Feral hogs becoming big problem locally
Hogs damage property, spread disease, compete for food
Feral hogs are becoming a big problem in several counties in southern Missouri, according to the Missouri Department of Conservation (DOC).
Populations of feral hogs typically occur in remote terrain and are established in several Missouri counties, including Barry County.
The DOC considers the animals an invasive species because they damage property and spread disease to humans, pets and livestock. Their rooting, wallowing and feeding behaviors erode soil, reduce water quality, damage agricultural crops and hay fields, and destroy sensitive natural areas such as glades and springs. Because they are non-native, destructive and dangerous, the DOC believes they should be eliminated from Missouri.
The hogs have genetic combinations that include Russian or Eurasian wild boar (razorbacks), an assortment of domestic varieties such as Yorkshire, Hampshire, Duroc and even pot-bellied pigs. Offspring can exhibit a variety of shapes and colors, including gray, red, black, blond, spotted and belted. All have small eyes, large, triangular ears and a long snout. They have a thick coat of coarse, bristly hair, which they can erect along their spine, lending them the name, razorback.
Boars can be up to three feet at the shoulder; five feet in length and weigh up to 400 pounds. Most sows average 110 pounds and boars, 130 pounds. Hogs are mostly nocturnal, and travel in groups called sounders. Because they require abundant water, they spend much time near ponds and streams.
Problems from the animals initially increased in the 1990s when hogs escaped confinement or were released intentionally on public land. By the next decade, private landowners were reporting significant damage.
"I came here in 2000, and we seldom had any calls," said Mike Petersen, private land conservationist for Barry County with the DOC. "Then, in 2004, it just went crazy, and I think it was due to hog hunting. In Texas, it was in high demand, so we had people releasing them in Missouri to hunt, and of course there were escapees from farms. But, I think that was small compared to those that were released. And now, we're just trying to keep up with them.
"They're in the whole southern part of Missouri, including Barry County. There are some private areas and forest service property [in the Mark Twain Forest] also. Basically, all the counties around here have them. People call us, and that's where we get to know where they're at."
Petersen said the animals serve no purpose, cause a lot of damage, and carry over 33 diseases.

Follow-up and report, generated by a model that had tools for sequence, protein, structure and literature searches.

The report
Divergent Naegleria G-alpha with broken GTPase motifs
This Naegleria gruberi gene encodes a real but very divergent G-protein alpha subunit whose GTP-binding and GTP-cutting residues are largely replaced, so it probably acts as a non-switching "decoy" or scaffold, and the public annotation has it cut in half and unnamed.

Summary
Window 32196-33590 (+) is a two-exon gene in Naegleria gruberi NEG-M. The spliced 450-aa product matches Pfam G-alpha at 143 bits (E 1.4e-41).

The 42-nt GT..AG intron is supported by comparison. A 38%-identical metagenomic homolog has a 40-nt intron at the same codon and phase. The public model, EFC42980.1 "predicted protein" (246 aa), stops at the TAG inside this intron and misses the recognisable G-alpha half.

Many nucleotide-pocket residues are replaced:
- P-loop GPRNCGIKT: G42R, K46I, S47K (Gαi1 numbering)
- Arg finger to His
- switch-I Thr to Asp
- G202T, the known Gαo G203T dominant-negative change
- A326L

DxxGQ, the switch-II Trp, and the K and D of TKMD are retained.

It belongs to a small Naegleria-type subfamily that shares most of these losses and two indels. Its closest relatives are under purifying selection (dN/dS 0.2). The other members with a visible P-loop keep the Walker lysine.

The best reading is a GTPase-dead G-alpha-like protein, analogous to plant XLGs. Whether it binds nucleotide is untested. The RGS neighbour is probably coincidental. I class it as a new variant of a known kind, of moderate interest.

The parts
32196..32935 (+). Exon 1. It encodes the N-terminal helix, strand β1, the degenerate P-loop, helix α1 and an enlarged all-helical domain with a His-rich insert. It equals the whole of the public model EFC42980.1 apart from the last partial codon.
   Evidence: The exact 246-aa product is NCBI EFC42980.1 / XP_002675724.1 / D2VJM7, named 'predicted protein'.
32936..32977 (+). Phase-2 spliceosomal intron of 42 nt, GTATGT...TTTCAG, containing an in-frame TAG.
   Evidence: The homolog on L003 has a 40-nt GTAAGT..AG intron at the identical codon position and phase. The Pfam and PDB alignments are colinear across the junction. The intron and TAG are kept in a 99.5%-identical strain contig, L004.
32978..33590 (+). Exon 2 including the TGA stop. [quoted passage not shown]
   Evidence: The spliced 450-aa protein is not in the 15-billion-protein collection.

"They have no predators to speak of, and they're in new habitat with all the same foods as what wildlife eats," Petersen said. They cause erosion problems but also eat all the acorns, so they compete with the deer and turkeys for that [major] food source."
Once a sighting is reported, the DOC attempts to trap the animals, test it for parasites, then shoot it.
"The other point is they carry diseases," he said. "So, they could get to the domestic herd with those diseases. And some can even transmit over to dogs. They test for 33 different diseases. We send blood tests for the ones we capture and the USDA tests them.
"We would like people to report sightings. Then we'll go out and track the sounder."
Petersen said they track the hogs by the damage they leave behind.
"The landowner takes us to that spot [where they were seen]," he said. "There are rooting activities where they turn over the sod looking for grubs. It's not like an armadillo rooting around. They root at over four-inches deep. They'll get in water holes and coat their bodies in mud, and they'll rub up against trees to get rid of parasites; so that's how we find them."
The hogs are normally not aggressive toward people, unless it's a sow with piglets or they feel cornered, Petersen said.
"Usually they'll leave you alone," he said. "If the sow has piglets, she'll be more prone to protect them, like anything else."
Petersen said he doesn't recall a single case in Missouri where someone has been attacked, but in the rare occasion one should charge, he advised getting off the ground, because the hogs are fast.
"They're pretty agile on the ground, so get off the ground," he said. "Climb a tree. That's about your only option, or make a loud noise."
According to Petersen, the state is involved in the issue, namely the USDA, because pork production is a big industry in Missouri, and disease poses a real threat to it.
"If any of these [pork production] facilities get two hits of a disease in that confinement area, they can be shut down," Petersen said. "They have an exporting license from the feds, and if disease breaks out they can take away that permit."
Petersen estimates the pork industry equates to about $44 million dollars per month from exporting pork from Missouri.
"I haven't seen any [specific] documentation, but it's big business," he said. "That would really hurt the economy if disease broke out. So [the Feds] are keeping an eye on it."
If a feral hog is seen, landowners should report it to the DOC at 417-847-5949 or 573-522-4115, extension 3296.